Brac 'on track'

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Human Resources Command to hire 400 this summer; future of Patton Museum coming into focus

By John Friedlein



FRANKFORT — The commander of the Army’s Accessions Command on Friday discussed the positive economic impacts of the Fort Knox realignment.

Lt. Gen. Benjamin Freakley briefed reporters at the Capitol after meeting with state officials, including Gov. Steve Beshear.

“The work is going extremely well,” he said. “We’re on track.”

With the addition of the Human Resources and Accessions commands, the post, which is losing the Armor Center in 2011, will become more of an administrative center with better-paid employees.

The changes are part of the latest Base Realignment and Closure initiative.

Just the prep work is pumping millions of dollars into the local economy. About 1,700 construction workers are on post, Freakley said. Total building costs are projected to be $940 million — $536 million in new structures and $404 million in renovations, according to the U.S. Army.

Off post, there is now a gentle upsurge in home sales, Freakley said.

With an increase in civilian workers, more of those who work at Fort Knox likely will live in surrounding communities.

Freakley urged those who rent and sell homes not to exploit the increased demand by price gouging.

All incoming commands have some advanced parties at Fort Knox. Next year, the Army expects a sharp population increase on post.

The about-3,400-soldier strong 3rd Brigade 1st Infantry Division will arrive by January. Counting spouses and children, this will bring roughly 9,000 people to the area.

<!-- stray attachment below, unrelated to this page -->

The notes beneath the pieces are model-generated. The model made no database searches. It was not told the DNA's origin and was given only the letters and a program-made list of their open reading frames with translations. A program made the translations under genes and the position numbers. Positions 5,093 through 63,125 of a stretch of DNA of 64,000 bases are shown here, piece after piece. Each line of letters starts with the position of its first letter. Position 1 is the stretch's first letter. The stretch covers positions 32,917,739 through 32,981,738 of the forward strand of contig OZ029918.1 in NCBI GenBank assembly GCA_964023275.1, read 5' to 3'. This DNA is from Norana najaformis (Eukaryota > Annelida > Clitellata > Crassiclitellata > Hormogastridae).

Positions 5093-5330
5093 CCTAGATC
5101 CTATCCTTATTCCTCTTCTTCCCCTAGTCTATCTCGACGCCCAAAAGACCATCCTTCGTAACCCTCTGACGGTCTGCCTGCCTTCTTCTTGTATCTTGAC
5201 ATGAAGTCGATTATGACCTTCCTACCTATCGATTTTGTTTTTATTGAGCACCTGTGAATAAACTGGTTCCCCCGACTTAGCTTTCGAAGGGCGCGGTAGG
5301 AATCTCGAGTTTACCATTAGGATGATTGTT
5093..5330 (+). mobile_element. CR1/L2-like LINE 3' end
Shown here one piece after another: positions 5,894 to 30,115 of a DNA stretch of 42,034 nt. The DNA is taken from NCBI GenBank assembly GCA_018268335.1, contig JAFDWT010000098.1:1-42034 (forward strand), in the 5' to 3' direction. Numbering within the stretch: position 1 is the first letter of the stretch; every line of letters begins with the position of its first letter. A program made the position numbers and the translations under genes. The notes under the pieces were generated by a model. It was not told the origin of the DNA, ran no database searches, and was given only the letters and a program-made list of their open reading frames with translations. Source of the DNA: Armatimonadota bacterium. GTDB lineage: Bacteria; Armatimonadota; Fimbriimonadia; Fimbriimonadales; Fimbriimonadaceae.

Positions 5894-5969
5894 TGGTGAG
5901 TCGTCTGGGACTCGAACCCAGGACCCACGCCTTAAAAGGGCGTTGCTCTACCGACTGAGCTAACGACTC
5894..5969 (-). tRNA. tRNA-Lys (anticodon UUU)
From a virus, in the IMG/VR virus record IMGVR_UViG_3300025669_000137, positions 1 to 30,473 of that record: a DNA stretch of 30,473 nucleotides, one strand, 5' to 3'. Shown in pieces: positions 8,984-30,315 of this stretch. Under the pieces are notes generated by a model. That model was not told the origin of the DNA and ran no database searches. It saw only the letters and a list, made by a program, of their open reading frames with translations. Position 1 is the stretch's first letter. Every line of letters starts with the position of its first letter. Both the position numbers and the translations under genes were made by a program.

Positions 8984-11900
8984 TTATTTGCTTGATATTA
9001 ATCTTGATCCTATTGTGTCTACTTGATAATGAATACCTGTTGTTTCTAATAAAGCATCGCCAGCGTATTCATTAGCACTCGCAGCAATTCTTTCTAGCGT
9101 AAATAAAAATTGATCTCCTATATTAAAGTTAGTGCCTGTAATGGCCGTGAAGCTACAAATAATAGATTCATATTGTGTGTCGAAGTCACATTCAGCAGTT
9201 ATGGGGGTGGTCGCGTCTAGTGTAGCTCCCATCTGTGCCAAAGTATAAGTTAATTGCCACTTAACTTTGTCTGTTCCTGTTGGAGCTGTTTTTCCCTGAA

The HR Command plans to hire about 400 for its workforce — which will total 4,000 — this summer. It is opening a training academy in Elizabethtown.

To help ease next year’s population bubble, a 194-room hotel that has been built on post will serve as temporary quarters. Also, Wilson Road is being widened and more sidewalks are being built.

State Sen. Elizabeth Tori, R-Radcliff, on Friday said areas around the post need $200 million in state funding — in addition to a previously requested $100 million — for roads, water and sewer.

“Actually, the money was needed yesterday,” she said. “Base realignment is here; it’s happening.” And if water and sewer lines can’t be provided for new development, incoming workers will live somewhere else, Tori said.

Rep. Tim Moore, R-Elizabethtown, said the area’s water and sewer infrastructure will be able to handle the increase and shortfalls are being addressed. Part of the challenge is where to put it; officials must first see where people move.

“We don’t want to get the cart ahead of the horse,”  he said.

As for future infrastructure funding, Moore said he is confident it is high on officials’ list of priorities.

Discussions also are under way about the future of the Patton Museum, which brings in 120,000 visitors annually. Plans are to move the armor artifacts with the Armor School. Young soldiers are shown the pieces so they can see how armor has changed over the years, Freakley said.

The museum will retain Gen. George Patton’s personal items. Moore expects Patton’s quality of leadership will be emphasized.

He linked the changes at the museum to the post’s gaining the Accessions Command, which recruits future leaders.

“The Patton Museum will transition somewhat,” he said. “But it will still be the premier highlight of leadership, past present, and with the Accessions Command, future.”

John Friedlein can be reached at (270) 505-1746.